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learning java

Duane Morin wrote:
> * I have a list of several million strings, but I know that there are only 
> about 100k unique ones.  I want to make myself a frequency table that 
> tells me how often each string occurred.  Write me a data structure to do 
> it.  Everybody makes a hashmap, which is fine, but most people end up 
> creating several million Integer objects when it can be done by only 
> creating 100k.
> If I ask somebody to write code it is always for a 'toy' problem that can 
> be easily encapsulated and written in like 10 minutes.  It's always 
> interesting to see people who claim to write Java every day get flustered 
> over some pretty basic stuff.  And I'm not talking about memorizing the 
> API (although I'd like to think that everybody knows how to get/put a 
> hashmap), I"m talking about Java syntax like this:
> 	boolean table[arr.length];
> 	for (int i =0; i < table.length; i++) {	
> 		table[i] = false;
> 	}
> That's wrong and redundant, btw. :)

I'd probably figure that the person who made these two mistakes spent 
too much time writing C or C++, and not enough writing Java. If they did 
well on all the other tests, I'd be inclined to give them the benefit of 
the doubt, especially if I were hiring for a long-term position (where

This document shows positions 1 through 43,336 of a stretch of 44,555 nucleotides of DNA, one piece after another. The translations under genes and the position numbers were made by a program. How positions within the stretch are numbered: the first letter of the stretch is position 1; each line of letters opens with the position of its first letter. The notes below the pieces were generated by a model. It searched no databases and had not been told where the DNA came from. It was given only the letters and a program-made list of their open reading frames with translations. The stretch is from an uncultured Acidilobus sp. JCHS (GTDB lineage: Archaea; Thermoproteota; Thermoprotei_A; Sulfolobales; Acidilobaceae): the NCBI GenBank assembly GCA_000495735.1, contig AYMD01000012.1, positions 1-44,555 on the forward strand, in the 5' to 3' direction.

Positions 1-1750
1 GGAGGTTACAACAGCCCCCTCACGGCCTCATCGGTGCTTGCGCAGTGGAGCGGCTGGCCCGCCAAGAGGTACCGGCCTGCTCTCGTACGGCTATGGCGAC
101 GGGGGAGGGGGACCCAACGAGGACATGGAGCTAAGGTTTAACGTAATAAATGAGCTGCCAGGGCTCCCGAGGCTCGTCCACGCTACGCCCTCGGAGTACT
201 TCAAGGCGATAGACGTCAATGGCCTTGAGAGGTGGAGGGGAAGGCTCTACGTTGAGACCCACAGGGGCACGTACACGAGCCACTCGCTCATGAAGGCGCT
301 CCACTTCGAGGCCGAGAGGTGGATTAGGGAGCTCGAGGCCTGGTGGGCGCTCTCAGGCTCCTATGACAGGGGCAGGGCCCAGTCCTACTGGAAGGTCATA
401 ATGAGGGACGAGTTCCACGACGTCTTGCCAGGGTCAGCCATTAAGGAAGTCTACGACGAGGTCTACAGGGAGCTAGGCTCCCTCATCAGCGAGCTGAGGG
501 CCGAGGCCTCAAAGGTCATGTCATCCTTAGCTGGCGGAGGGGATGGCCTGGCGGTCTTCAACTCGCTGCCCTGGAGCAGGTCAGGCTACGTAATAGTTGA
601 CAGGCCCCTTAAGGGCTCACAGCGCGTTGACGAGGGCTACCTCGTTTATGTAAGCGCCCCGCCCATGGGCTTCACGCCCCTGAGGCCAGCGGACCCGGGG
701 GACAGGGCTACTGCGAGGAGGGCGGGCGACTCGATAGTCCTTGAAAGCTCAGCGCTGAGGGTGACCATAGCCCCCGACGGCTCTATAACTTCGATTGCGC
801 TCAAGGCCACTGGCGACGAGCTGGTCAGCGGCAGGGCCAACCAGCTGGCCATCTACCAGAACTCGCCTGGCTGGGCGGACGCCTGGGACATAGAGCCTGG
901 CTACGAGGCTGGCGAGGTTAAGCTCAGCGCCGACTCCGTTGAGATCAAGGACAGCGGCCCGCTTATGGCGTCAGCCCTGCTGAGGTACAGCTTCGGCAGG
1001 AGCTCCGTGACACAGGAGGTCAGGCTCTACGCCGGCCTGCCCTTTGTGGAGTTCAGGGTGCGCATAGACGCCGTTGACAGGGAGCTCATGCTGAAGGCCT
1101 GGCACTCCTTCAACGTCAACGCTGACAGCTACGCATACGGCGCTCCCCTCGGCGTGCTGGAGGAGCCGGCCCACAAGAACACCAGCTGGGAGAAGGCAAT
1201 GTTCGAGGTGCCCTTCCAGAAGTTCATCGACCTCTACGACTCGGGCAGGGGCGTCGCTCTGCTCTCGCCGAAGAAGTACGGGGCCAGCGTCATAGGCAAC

the programmer would get into the Java groove soon enough) rather than 
something where I need him to be productive yesterday (a good situation 
to avoid, but it does happen).

In the first example, I assume that what you're getting at is that you 
should change the value of the Integer objects in the hashmap rather 
than creating new ones. It's not an issue in C, because your hash table 
would contain ints (primitive types) rather than objects.

It's also symptomatic of a failing of the current state of computer 
education; nobody teaches anything about low-level efficiency issues any 
more. I don't think a typical CS101 or CS102 class (which is taught in 
Java at most schools now) would ever mention the issue in your example. 
Things were very different when I first learned to program; but then, 
the first computer I used was a million times slower than a current 
state-of-the-art desktop PC. (Yes, just about literally. It was an IBM 
1620, which could hit a peak execution rate of about 6,000 instructions 
per second, and its average was considerably lower than that.)

The second example is nearly correct C++ (except that the Java syntax 
for finding the length of the array has been used); it would also work 
in C if boolean and false have been defined somewhere, as they often 
are. In Java, of course, you have to use new to create arrays, and you 
don't have to bother initializing them to false because Java already 
does it for you.

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